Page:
The simplicity within common every day items. These objects are beautiful by themselves and my work is to add a visual meaning to them. Every day I discover different meanings.

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Behind the Project: A Different Family Portrait

In this series, we’ll look deeper into some of the projects on Behance.net that were especially admired in our community. Camilla Cantrambone is a Florence based photographer. Her other projects include the cover of “Piazza Italia” magazine, and playful posters and direction for the Little Veg Book. We spoke with her about her recent project “Portraits of my Family,” creative takes on the traditional portrait using beloved objects.

What was your inspiration for this project?
I’ve always been fascinated by objects, and I think every person is represented by their personal objects; the objects they choose and the way they use them tells you a story. When I started doing this project, I felt that the objects belonged to my relatives. They were still full of energy and capable of reminding me of moments I shared with them. In order to recreate specific memories, I started to reorganize these objects. For example, if I look at an image of my grandpa Mario, I can go back to a time when we sat at his writing table and fully feel the mood of that moment. The objects represented in every picture don’t talk about the entire life of my grandpa, but they deeply describe a moment I shared with him.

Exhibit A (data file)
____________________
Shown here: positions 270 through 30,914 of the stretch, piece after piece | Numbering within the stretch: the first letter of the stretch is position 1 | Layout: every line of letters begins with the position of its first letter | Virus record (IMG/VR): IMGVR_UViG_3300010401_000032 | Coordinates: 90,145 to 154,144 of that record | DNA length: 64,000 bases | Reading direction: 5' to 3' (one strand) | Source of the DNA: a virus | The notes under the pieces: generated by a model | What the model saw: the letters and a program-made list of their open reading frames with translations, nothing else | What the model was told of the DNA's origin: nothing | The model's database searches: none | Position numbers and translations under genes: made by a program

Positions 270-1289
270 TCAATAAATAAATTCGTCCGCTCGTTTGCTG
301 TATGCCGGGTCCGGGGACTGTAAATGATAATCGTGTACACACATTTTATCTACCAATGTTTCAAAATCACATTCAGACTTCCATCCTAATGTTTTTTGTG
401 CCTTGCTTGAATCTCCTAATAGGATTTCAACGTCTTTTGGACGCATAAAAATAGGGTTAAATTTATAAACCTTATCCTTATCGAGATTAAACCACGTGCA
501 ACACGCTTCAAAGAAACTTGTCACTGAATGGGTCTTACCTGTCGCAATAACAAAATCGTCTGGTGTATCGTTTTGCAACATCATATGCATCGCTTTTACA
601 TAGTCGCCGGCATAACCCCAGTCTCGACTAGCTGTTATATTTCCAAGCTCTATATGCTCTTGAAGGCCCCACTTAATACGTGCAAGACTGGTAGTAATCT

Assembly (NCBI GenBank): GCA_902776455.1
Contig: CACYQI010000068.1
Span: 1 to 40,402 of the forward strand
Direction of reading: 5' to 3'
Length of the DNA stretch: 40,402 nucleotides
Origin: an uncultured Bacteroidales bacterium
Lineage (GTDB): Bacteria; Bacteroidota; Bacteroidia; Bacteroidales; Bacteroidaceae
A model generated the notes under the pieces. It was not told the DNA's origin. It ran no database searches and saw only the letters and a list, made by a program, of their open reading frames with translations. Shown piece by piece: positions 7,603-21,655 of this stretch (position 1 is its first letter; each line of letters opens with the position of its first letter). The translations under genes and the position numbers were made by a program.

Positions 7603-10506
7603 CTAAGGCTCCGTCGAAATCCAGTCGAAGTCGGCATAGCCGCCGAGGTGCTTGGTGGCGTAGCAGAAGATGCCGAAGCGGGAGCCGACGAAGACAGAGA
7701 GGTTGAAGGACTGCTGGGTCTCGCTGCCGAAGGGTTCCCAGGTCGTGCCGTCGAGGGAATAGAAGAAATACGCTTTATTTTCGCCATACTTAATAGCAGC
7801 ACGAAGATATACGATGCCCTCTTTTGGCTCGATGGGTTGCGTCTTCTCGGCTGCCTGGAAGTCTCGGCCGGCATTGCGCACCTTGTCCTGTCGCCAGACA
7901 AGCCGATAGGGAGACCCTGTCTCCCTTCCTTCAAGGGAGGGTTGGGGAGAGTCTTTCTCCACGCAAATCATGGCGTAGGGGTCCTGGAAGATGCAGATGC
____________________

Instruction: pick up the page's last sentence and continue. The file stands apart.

“The objects represented in every picture don’t talk about the entire life of my grandpa, but they deeply describe a moment I shared with him.”



 Did you expect it to be as popular as it’s been on The Behance Network?

Not at all! Being a personal project I’d never thought to be so popular, but I’m glad I could communicate and share my feelings to people I don’t even know

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Behind the Project: Voting System Behance Reviews